The number of coronavirus cases in Bell County is now in double digits as officials confirmed two new cases Sunday.
Bell County has at least 10 COVID-19 cases, according to new Bell County Health District data released Sunday afternoon. The newest infections include a Killeen man in his 30s and a Temple man in his 70s.
It is unclear whether the new cases were travel related or locally transmitted.
However, health district director Amanda Robinson-Chadwell confirmed Friday there is community spread in Bell County.
Temple, so far, appears to have the most cases, with at least six infections. They include a woman in her 20s; a woman in her 30s; two men in their 60s; a woman in her 60s; and a man in his 70s.
One Temple case involves a woman who lives at an unnamed assisted care facility. She had underlying health conditions and was hospitalized, the health district said Saturday. Health officials immediately started testing residents and staff for the coronavirus.
Paul Romer, the city of Belton spokesman and county coordinator of coronavirus public information, said it was unclear how the woman at the assisted care facility contracted COVID-19. He previously said it was designated as community spread.
Killeen has at least two infections: a man in his 30s and a woman in her 50s. Belton has at least one coronavirus case, a man in his 30s, and, finally, there is a man in his 50s who lives in incorporated Bell County who has the new disease.
Texas has at least 355 confirmed cases of COVID-19 and has had at least six reported deaths, according to The Texas Tribune.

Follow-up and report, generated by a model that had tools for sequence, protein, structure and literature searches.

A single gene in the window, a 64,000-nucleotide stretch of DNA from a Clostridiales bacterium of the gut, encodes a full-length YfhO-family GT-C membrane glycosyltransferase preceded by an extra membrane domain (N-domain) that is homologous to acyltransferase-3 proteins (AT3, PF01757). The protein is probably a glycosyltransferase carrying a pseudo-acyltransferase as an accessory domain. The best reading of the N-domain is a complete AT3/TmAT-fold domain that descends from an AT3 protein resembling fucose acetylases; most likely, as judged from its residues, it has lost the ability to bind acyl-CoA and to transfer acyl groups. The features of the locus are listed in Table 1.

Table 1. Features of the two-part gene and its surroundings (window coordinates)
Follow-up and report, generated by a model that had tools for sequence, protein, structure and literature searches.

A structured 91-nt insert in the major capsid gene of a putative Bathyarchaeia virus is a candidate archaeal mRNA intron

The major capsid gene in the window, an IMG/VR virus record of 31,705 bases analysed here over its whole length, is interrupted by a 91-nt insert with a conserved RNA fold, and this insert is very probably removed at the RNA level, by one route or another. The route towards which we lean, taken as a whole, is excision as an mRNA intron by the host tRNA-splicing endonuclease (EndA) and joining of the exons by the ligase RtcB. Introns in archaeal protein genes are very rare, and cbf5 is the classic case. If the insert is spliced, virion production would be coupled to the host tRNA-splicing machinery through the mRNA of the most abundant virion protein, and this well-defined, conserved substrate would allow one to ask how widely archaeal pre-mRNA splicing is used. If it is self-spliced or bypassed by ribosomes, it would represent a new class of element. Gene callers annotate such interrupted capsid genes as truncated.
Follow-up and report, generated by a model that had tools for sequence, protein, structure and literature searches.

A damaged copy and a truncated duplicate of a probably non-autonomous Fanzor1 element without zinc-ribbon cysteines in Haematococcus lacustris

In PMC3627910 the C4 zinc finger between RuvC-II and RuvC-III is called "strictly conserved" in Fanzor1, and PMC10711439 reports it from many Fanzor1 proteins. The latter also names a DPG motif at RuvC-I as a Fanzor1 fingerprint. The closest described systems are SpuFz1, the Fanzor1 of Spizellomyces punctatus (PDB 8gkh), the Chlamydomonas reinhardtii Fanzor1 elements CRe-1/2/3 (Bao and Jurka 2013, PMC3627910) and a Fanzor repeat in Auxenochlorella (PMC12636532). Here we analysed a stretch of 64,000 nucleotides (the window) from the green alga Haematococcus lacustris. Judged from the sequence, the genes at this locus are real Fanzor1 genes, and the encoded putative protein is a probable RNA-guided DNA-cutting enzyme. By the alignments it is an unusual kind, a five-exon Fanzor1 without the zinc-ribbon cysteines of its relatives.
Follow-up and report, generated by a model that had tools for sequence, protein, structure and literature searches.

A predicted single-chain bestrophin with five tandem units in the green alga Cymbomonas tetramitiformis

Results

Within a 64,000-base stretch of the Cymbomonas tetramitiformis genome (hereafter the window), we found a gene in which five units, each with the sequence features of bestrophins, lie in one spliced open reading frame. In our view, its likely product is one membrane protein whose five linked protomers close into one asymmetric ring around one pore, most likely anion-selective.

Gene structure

The number of coronavirus tests in Bell County is unknown, officials said Friday. Robinson-Chadwell said local hospitals are keeping track of their inventory, which she described as being constantly in flux.
“The hospitals do not send us any kind of inventory track,” the health district director said.
Baylor Scott & White Medical Center-Temple declined to detail its inventory of coronavirus tests to the Telegram on Friday.
At least 8,756 Texans have been tested, according to the Texas Department of State Health Services. The state agency does not break that data down by county.
Bell County Judge David Blackburn issued a disaster declaration last week. It bans gatherings of 10 or more people in a single room or other confined or enclosed spaces. It also limits restaurant services to take-out and drive-through only and shutters bars, gyms and entertainment venues.
Breaking the order could result in a fine of up to $1,000 or up to 180 days in jail.
The Commissioners Court on Monday will consider approving the Bell County state of disaster.
Bell County remains at Stage 3 of its COVID-19 Action Plan. All Stage 1 and 2 guidelines apply in Stage 3, which was triggered by Blackburn’s disaster declaration.
Stage 2 guidelines require residents to actively practice social distancing by staying six feet away from each other, and avoiding physical contact with people at work and at social gatherings.
Stage 1 rules are staying home if you are sick; avoiding contact with sick people; avoid touching your face with unclean hands; cover your cough or sneeze with a tissue and throw it away; clean and disinfect frequently touched objects and surfaces; don’t travel to areas with active community spread of COVID-19; and wash your hands with soap and water regularly and use hand sanitizers with at least 60 percent alcohol content when you cannot wash your hands.